The fact that copies of 'School's Out' would be sitting in the prestigious number one slot in that record store in Crystal Palace was almost too much to bear. I only hoped its singer would still be waiting for me when we got back to London.

He was. Or she was. There was some confusion on this count. Alice Cooper, the British media informed us as they reeled from the shock of his anti-educational tirade topping the charts, had had a sex change. He killed babies on stage. He made love to a snake. He even hung himself during his live show. This was a lot of information for an eight year old to take on board, some of it beyond his comprehension, but none of it interfered with the pleasure of playing 'School's Out' on my stereo for the rest of the summer - despite the fact that I had nothing but love for my own school and couldn't wait for it to be in again.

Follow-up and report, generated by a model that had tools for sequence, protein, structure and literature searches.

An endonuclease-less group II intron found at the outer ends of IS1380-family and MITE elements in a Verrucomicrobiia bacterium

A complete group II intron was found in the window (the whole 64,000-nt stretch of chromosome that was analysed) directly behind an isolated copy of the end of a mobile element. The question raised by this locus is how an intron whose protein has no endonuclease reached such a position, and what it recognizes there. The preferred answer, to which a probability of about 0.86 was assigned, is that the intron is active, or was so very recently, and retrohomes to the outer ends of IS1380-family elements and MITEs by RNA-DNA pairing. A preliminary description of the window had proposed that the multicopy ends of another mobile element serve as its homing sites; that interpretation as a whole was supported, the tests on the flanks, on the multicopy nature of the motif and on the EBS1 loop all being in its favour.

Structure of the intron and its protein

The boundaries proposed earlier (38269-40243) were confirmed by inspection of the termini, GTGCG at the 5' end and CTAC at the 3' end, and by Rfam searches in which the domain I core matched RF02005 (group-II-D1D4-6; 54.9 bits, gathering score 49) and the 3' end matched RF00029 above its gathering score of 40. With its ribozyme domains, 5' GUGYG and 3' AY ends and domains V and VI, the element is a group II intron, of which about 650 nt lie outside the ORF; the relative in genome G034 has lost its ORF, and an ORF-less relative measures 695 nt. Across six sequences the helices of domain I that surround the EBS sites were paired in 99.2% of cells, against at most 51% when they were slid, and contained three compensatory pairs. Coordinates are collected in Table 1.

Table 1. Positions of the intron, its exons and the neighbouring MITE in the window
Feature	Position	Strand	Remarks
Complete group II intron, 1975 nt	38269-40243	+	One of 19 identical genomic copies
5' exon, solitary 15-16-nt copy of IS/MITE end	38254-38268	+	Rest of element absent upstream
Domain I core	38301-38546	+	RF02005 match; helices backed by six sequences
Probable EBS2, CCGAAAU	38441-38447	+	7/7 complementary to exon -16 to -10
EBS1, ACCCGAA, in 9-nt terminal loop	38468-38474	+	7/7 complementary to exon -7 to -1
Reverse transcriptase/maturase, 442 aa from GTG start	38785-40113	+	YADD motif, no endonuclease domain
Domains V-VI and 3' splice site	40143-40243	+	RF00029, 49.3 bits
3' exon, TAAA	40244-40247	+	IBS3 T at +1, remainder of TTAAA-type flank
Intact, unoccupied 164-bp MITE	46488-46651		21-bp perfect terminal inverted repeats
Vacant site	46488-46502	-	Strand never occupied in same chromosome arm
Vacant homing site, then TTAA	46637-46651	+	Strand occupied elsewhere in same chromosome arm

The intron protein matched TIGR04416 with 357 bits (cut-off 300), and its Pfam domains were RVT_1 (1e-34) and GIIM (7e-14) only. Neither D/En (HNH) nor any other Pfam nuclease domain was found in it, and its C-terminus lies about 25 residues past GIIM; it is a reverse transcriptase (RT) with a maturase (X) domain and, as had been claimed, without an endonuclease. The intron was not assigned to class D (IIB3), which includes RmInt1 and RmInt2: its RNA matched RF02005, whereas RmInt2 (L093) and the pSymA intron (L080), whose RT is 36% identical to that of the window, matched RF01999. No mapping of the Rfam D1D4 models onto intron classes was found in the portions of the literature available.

That same summer, I went further with Alice than I ever had with David. Visiting the Yorkshire town in which I was born, I saw a copy of Alice Cooper's School's Out LP in the town's solitary record store window and determined to have it. I could not afford it - especially as my one pound was still being held under the counter of a store back in London. So I tried the obvious alternative: begging and pleading. My mother, understandably, did not want me buying one album when I already had a deposit down on another. You see, she tried to tell me, you're no more serious in your musical interests than in your board games.

My godmother, with whom we were staying, and who had no offspring or spouses of her own to finance, came to the rescue. She only saw me a couple of times a year and was happy to treat me. It was good that a boy developed a taste in music, she told my mother as she handed me a couple of pound notes, folding my fist over them against my mock protestations.